Several years ago this newspaper printed a story about Ernest Hunt's pile - no, mountain - of used tires in Danville, N.H. On July 9 this summer the Boston Globe carried a Page 1 story with a dramatic photo of Mr. Hunt, without help from Sherpas, climbing the summit of his tire mountain.
Last week the Wall Street Journal focused on Mr. Hunt with a headline noting that ''In Danville, N.H., Mr. Hunt Tries to Get Rid of 15 Million Old Tires.''
Before any edelweiss begins to grow on Mr. Hunt's black peak in the White Mountains, it's time someone helped him - helped America - get rid of all those old tires.
Across the ocean in Japan, West Germany, and Britain, small but successful plants are recycling or about to recycle tires into fuel and useful raw materials. In Hamburg, for instance, Dr. Hansjorg Sinn, a chemistry professor and state senator, started to do something about used (and useless) tires not long after Ernie Hunt began his collection in New Hampshire. Professor Sinn designed in his laboratory a process for turning old tires into commercially saleable benzine, carbon black, steel, and gaseous hydrocarbons.
His prototype produced no unwelcome pollution. So Dr. Sinn went into commercial production. He says that the most profitable output from his wonderfully Chaplinesque array of pipes and distilling tanks is mundane carbon black. It is used in paints, plastics, and, fittingly, new tires.
The benzine output may be expected to become more profitable if Europe enters a new petroleum squeeze. In fact, a major impetus for the tire recycling research in the first place was the oil shocks of the 1970s.
In Japan, the Sumitomo Cement works ''cooks'' some 7,000 tons of old tires per year to provide fuel for cementmaking - as well as 2,100 tons of carbon black and 350 tons of steel annually. A British government-subsidized plant should go into production next year. And several American researchers say they lack only capital to get going.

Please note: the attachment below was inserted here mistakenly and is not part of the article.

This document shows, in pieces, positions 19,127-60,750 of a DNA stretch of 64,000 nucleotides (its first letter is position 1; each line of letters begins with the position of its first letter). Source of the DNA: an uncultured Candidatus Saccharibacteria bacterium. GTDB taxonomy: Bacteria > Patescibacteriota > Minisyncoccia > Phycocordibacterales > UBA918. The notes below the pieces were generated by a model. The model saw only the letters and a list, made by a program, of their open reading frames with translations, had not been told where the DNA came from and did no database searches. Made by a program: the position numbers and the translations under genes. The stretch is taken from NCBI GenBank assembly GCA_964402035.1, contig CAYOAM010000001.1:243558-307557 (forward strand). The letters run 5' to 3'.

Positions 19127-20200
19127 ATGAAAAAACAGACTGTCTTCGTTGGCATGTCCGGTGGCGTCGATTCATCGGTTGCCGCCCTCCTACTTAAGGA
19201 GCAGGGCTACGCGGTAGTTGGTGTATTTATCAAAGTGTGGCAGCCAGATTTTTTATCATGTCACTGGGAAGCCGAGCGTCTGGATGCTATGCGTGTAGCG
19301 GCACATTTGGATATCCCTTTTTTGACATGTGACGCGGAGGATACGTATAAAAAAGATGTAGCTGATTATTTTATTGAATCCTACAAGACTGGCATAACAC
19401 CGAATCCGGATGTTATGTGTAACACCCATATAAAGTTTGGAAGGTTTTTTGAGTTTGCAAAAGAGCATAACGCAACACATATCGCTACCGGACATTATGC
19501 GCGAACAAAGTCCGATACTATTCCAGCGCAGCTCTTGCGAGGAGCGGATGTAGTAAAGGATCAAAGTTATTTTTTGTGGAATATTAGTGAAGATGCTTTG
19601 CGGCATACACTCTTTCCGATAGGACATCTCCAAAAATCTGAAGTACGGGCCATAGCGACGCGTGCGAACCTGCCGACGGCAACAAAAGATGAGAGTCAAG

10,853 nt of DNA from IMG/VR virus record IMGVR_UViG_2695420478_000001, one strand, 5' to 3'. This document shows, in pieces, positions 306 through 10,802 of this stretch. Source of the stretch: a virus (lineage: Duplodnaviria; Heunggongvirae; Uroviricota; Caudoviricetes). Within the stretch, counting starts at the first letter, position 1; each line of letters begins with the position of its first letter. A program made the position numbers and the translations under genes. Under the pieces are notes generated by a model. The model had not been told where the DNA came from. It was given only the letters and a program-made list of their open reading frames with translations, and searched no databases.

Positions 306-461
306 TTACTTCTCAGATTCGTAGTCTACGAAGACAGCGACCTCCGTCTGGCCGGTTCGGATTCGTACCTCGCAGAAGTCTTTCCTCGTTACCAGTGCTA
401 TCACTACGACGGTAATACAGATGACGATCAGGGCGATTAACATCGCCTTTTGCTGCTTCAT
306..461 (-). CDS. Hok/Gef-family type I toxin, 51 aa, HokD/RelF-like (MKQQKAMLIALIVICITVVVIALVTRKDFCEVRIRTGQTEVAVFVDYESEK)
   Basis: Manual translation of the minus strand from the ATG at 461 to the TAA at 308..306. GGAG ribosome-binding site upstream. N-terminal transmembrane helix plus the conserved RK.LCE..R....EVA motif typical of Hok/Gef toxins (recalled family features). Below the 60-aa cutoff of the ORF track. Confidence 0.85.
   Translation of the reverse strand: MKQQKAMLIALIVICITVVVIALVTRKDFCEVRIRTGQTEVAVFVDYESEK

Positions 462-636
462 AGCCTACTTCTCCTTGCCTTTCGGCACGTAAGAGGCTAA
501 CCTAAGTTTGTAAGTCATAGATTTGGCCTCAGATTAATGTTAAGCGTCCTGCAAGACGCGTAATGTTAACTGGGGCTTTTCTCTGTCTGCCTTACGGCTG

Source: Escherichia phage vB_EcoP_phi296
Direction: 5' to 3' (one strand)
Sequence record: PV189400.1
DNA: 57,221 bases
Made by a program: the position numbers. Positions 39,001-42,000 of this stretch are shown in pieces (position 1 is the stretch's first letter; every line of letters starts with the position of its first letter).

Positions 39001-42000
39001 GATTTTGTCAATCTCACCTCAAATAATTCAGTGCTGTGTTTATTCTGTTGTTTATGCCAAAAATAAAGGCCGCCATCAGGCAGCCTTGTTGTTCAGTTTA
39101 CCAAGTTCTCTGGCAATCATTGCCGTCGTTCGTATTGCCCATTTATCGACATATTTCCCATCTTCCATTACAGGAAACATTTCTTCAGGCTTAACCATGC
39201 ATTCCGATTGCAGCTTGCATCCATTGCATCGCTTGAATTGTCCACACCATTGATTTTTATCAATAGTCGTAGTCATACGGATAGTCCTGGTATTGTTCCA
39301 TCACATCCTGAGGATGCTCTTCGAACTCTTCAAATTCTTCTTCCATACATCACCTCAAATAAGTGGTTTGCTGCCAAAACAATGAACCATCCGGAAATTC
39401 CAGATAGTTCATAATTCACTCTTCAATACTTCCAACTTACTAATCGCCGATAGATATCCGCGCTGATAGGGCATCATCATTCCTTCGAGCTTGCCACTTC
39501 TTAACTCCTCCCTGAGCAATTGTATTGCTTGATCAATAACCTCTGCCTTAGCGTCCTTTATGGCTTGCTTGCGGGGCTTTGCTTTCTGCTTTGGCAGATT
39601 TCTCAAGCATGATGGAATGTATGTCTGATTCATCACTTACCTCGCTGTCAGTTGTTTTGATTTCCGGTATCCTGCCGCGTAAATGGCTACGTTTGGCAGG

But the industrialized world has not so far made tire recycling a major part of its recipe for public thrift. Professor Sinn estimates that West Germany produces about a quarter million tons of used tires per year. The US is believed to produce about a million tons per year to add to some 2 billion already scattered about the United States landscape.
Anyone who travels in North America knows that not all used tires go to waste. Some turn up as planters for petunias. (With one sidewall cut like shark's teeth and a coat of terra cotta paint, some of these look like pre-Inca pottery. But others, in more garish colors, look like ugly painted tires.) Still other tires dangle at the end of a rope, serving as children's swings. This paper's garden columnist has long since led a coterie of tomato-raisers into planting Beefsteak and Early Girl in tires filled with compost or manure.
Other tires go to sea after they have put in their 40,000 miles on the nation's highways. Some are visible as bumpers on docks and piers. Others are invisible, dumped along the coastal shelf as havens for breeding fish.
There are still, of course, many firms that retread auto and truck tires - thus postponing the final day of reckoning when the tire must face that trip to Danville, N.H.
But when all these ingenuities are exhausted, millions of the black circles that made the invention of the wheel at last comfortable are still cluttering modern life. They line the walls and attics of garages. They form impromptu fences along property lines. But worst of all, they lie as unsightly debris across the industrial nations' landscapes.
Mr. Hunt's seven-acre, 40-foot-high mountain is the most dramatic sample of that debris, the summit of tire litter. The state of New Hampshire and the three towns into which the foothills of Mt. Hunt extend have hauled the owner into court on a covey of environmental charges. Their main concern is fire hazard.
Wouldn't it be more sensible if our industrial society moved toward Professor Sinn's solution? Instead of a fire hazard, the tires would become, among other things, safely burnable fuels.
Until magnetic-levitation vehicles become our civilization's method of transport, we are going to need tires. With cars and trucks being used in greater numbers even in formerly barefoot parts of the world, the annual mega-tonnage of used tires everywhere will climb. We need a widespread, efficient recycling system.